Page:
As protests continued on Thursday, some workers staged strikes and walkouts in Minsk, Grodno in the west and Zhodina in the northeast of the capital.

Russian internet giant Yandex said gunmen entered two of its offices in Minsk and prevented employees inside from leaving. They left a few hours later.

Shock in the face of police brutality as testimonies rise

By Olga Ivshina, Russian BBC

The body of evidence of police brutality, both on the streets and inside remand centers, is growing. The detainees include not only opposition activists, but also numerous journalists and accidental passers-by.

One of the released journalists, Nikita Telizhenko of the Russian news site, published a heartbreaking account of three days in prison. Back in Russia, he describes people lying on the floor of a detention center, stacked on top of each other, in a pool of blood and excrement. Forbidden to use the toilet for hours or even to change position.

He said he saw people seriously injured, with broken limbs and severe bruises, not only left without medical help, but even more beaten by the guards.

Telizhenko’s testimony is confirmed by countless posts on social networks – photos, videos, stories. I spoke to an American who was visiting her Belarusian boyfriend in Minsk – he was detained for no apparent reason. Not only did he not protest, but he was sleeping in his bed when the police came to his apartment, broke down the door, and took him away.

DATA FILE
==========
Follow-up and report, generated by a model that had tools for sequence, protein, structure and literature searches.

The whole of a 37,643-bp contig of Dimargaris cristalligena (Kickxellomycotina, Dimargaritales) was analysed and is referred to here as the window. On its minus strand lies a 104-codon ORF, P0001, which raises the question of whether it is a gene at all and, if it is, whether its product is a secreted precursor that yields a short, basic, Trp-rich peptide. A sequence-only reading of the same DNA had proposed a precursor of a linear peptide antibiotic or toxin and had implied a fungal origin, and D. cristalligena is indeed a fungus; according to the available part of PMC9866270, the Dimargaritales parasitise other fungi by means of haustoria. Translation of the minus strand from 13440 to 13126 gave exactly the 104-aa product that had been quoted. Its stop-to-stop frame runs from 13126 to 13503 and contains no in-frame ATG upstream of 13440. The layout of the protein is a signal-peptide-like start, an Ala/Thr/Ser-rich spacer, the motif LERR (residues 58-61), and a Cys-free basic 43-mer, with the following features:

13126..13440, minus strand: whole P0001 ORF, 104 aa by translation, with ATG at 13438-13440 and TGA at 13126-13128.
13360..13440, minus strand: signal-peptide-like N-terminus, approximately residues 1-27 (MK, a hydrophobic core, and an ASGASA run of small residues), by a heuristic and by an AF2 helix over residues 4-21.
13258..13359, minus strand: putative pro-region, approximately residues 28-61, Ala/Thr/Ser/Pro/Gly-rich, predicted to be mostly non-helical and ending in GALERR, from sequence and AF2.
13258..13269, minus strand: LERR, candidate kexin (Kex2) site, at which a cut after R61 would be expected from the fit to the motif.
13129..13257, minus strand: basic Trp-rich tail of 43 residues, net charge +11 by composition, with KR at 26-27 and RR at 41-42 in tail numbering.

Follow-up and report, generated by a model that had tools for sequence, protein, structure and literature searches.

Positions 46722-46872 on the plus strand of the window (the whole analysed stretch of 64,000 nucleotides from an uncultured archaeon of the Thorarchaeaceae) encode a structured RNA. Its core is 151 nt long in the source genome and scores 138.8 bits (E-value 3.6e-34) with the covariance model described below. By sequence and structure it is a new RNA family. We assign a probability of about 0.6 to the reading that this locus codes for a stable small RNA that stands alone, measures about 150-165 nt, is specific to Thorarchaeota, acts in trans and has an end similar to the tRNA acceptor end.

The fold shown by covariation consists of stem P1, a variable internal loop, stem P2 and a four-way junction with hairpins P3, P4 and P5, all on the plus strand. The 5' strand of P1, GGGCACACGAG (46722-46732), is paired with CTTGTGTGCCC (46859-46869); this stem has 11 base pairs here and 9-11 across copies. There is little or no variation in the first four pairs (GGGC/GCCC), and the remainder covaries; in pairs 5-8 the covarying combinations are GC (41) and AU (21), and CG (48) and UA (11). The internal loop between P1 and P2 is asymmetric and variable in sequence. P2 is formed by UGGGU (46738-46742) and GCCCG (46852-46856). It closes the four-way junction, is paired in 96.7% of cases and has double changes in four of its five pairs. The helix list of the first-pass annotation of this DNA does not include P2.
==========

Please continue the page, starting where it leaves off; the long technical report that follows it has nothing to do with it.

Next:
What else happened?

Election officials said Lukashenko won 80 percent of the vote on Sunday, but protests erupted amid widespread allegations of vote rigging. The result was condemned by the European Union as “neither free nor fair”.

Hundreds of people have been injured in a police crackdown on protests, some seriously. A BBC crew was attacked by police on Tuesday evening.

Officials have confirmed the deaths of two people.

A protester died Monday during a demonstration in Minsk, the capital. The Belarusian Interior Ministry alleged that an explosive device had detonated in his hand.

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A 25-year-old man also died in the southeastern town of Gomel. Officials said he was jailed for 10 days for taking part in an illegal protest, but died in hospital after becoming ill.

His mother told Radio Free Europe that her son did not take part in any protests and was arrested while going to see his girlfriend. She said he had heart problems and was kept for hours in a police van.

People shouted the words “get out” from their balconies, the same slogan used by protesters on the ground. The police responded by firing rubber bullets.

The United Nations condemned the use of violence by the authorities.

Video footage shared on social media showed former Special Forces officers tossing their uniforms into bins in disgust at the actions of their former colleagues.

“I was proud of the unit I served [in]. Now I am ashamed. Shame on anyone who follows such orders, ”said a former officer.